“DBAs need to understand that there is a true sea change afoot, and there’s no way to stop these market forces. Hopefully, we’ll all be able to embrace this tidal wave and avoid being caught up in the undertow.” — Jim Czuprynski

I believe the adoption of a hybrid infrastructure is inevitable, and the new skills needed (such as cloud set-up, configuration, and monitoring) are mostly cloud-related. DBAs will need to be able to assess the databases and define what they are best suited for. Replication of data and databases will become more complex in hybrid environments—especially when different clouds are involved.

That is coming in few years at most (when most companies will adopt multi-cloud) and call the profession DBA 5.0 if you prefer or just DBA. Every decade has its challenges for IT professionals. Challenges are becoming more complex and DBAs are often on the front line with every new fashionable IT concept. And we can quote now Larry Ellison who said that the computer industry is the only industry that is more fashion-driven than women’s fashion.

Here are finally few additional recent articles on the topic of the future of the DBA profession (if interested to read more on the topic):

My Three Beliefs About The Future Of The DBA Job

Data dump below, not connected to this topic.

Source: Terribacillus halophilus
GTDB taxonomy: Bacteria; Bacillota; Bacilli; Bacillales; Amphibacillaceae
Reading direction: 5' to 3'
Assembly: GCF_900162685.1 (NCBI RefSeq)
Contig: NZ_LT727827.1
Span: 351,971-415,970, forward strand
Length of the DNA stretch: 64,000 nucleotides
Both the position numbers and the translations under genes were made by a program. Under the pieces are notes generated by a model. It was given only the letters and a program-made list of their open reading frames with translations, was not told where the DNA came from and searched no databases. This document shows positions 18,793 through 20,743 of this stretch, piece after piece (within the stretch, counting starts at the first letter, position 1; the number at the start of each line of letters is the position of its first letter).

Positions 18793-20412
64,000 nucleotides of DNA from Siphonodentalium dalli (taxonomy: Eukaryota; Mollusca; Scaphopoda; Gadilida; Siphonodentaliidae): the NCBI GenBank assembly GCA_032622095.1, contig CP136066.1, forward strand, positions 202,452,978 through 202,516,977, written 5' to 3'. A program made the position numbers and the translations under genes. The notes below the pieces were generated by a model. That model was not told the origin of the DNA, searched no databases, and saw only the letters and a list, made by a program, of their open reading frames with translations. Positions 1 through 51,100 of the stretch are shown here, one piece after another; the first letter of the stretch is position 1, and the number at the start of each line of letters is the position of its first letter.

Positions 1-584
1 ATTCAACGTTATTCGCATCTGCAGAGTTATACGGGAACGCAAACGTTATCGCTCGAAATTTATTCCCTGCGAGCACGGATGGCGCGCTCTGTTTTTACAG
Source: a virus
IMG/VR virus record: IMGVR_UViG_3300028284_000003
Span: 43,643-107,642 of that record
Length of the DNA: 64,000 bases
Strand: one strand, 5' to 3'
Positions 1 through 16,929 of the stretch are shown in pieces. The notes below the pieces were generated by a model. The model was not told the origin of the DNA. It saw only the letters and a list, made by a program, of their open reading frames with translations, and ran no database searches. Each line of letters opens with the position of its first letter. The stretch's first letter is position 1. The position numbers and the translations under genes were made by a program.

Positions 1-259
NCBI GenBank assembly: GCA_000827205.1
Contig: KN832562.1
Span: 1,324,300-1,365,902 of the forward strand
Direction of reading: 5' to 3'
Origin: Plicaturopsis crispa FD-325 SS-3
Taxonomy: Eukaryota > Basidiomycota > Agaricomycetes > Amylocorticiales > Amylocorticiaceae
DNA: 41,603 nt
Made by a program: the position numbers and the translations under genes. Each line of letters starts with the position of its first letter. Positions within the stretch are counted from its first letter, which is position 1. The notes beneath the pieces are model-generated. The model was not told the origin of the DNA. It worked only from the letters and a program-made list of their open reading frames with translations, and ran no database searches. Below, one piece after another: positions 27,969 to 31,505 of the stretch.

The Future for the DBA
Will automated databases kill the DBA position?
What Does the Future Hold for DBAs?
For DBAs In 2020: Understand Your Worth, Seize The Moment
What Happens to DBAs When We Move to the Cloud?
The Future of The DBA in The Era of The Autonomous Database

How is Oracle Autonomous JSON Database different from Oracle ATP and MongoDB?

In Autonomous, Cloud, DBA, Oracle database on October 1, 2020 at 09:09

Oracle Autonomous JSON Database is an Oracle Cloud service that is specialized for developing NoSQL-style applications that use JavaScript Object Notation (JSON) documents. Autonomous JSON Database (in short AJD) stores the JSON documents in a native tree-oriented binary format making it highly optimized for fast reads (avoiding linear scans) and partial updates (reducing redo/undo log sizes).

Like ADW and ATP, AJD delivers also auto-scaling, automated patching, upgrades, maximum security and auto-tuning. I do agree with Philipp Salvisberg that AJD is a special version of the Autonomous Transaction Processing (ATP).

The leader of pure document stores (as of September 2020) is MongoDB. Amazon DynamoDB and Microsoft Azure Cosmos DB are also extremely popular.

Autonomous JSON Database provides all of the same features as Autonomous Transaction Processing and, unlike MongoDB, allows developers to also store up to 20 GB of non-JSON data. There is no storage limit for JSON collections.

An excellent comparison of Oracle AJD and MongoDB can be found in the article entitled Introducing Oracle Autonomous JSON Database for application developers by Beda Hammerschmidt:

Oracle AJD is very similar to Oracle ATP with the major difference that AJD is meant for document databases containing lots of JSON format documents. You can think of ATP as more of a hybrid version of the Autonomous database.

Looking at the init.ora parameters I observed something after comparing an ATP and an AJD spfile parameters. Except the obvious ones like instance_name or service_names I found only the following differences (both are with 1 OCPU and 1TB of storage):

cpu_count: 6 for AJD and 2 for ATP
db_recovery_file_dest_size: 88406716M for AJD and 123789329M for ATP
gcs_server_processes: 4 for AJD and 5 for ATP